Media matters. Governments are more corrupt and unaccountable without strong media to report on them, for starters. More importantly, story-telling is one of the only ways the exploited can level the playing field against those oppressing them.
The consolidation and monopolization of traditional media (newspapers, TV and radio news, mostly) has only served as a prelude to their slide into irrelevance and insolvency. With no competition and no need for substantive journalism, real local representation, or innovation, traditional media were easily picked off by insatiable tech companies who thought disruption and breaking things was a virtue.
We’ve previously traced how the development of Postmedia/Torstar’s reciprocal monopoly back in 2018 left the “Local Media Landscape Shredded.” Suffice it to say that eliminating local competition did nothing to increase the relevancy or solvency of the remaining media. Today, somehow, local papers like the Ottawa Citizen and its national parent Post Media shuffle on like zombies who lost their purpose, demanding sustenance from governments and tech companies. But we don’t want to just curse the darkness here at The Leveller. We want to point to bright points of light.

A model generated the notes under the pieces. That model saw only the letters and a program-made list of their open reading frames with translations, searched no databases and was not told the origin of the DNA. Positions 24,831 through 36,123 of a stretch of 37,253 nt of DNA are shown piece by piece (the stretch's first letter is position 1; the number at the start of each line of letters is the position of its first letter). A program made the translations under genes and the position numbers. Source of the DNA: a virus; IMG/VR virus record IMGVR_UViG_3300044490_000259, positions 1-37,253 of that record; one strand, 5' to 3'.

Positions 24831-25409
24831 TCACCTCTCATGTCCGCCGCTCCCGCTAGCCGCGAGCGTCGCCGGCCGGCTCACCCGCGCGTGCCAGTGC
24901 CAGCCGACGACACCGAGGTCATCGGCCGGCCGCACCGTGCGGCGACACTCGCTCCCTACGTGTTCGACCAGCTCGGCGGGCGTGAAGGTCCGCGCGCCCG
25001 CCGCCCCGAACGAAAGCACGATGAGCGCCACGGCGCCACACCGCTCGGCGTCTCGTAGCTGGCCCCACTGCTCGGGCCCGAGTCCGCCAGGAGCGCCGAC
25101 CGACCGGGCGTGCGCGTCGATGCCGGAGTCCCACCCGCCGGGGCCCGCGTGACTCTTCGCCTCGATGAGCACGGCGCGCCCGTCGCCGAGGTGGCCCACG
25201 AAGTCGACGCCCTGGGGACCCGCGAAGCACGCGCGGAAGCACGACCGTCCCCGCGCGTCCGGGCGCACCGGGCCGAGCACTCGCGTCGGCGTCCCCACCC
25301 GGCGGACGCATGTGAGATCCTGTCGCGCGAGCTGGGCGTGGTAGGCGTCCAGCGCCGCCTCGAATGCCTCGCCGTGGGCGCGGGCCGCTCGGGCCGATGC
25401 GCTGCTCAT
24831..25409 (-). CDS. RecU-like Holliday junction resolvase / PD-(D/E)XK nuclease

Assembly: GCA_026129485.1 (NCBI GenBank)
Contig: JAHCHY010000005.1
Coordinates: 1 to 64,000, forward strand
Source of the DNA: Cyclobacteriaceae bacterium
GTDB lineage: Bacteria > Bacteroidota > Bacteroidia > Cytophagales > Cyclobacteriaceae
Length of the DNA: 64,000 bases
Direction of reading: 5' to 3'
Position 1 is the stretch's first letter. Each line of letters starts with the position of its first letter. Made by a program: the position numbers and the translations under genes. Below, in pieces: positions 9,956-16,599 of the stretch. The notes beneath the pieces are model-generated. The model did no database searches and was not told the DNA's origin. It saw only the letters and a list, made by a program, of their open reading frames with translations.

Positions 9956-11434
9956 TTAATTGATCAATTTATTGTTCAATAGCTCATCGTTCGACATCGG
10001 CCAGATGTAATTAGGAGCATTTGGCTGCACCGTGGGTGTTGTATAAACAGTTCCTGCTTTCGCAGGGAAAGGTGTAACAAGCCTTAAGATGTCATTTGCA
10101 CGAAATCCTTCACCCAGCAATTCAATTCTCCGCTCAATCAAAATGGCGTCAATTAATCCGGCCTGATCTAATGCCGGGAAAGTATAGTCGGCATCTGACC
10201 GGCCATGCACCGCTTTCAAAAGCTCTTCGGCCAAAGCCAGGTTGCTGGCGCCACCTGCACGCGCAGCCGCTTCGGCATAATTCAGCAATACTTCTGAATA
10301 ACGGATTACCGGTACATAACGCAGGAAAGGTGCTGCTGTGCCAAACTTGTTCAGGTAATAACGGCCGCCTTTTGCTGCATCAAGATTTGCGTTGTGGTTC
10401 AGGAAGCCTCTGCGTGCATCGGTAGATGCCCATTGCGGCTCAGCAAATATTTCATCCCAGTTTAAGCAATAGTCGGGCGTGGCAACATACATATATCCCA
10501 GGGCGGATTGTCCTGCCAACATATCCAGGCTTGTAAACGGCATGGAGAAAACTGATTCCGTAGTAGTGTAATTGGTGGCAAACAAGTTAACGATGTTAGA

See, we don’t just create media at The Leveller, we’re fans of media — the good stuff, anyways. And we want to share that good stuff with you! So, until The Leveller becomes a daily newspaper — powered by utopian AI content mills, presumably – here’s what you can read to feed your curiosity and desire for justice.
News From So-Called Canada
The Breach is an adversarial media outlet with a large team of veteran activists and leftist journalists. Their site hosts critical news pieces and impressive audio-video components, putting to shame the short-form sound-bites offered by mainstream news channels.
Ricochet does indie/leftist media right — or “public-interest journalism,” as they like to call it — with news coverage that isn’t afraid to be opinionated or take sides. We only wish they would publish more. (To be fair, we wish we would publish more too!)
Rabble does similar “community-drive journalism” with more of a homespun feel. They can sometimes be a bit earnest and dry, but they are also good grassroots news in the best sense.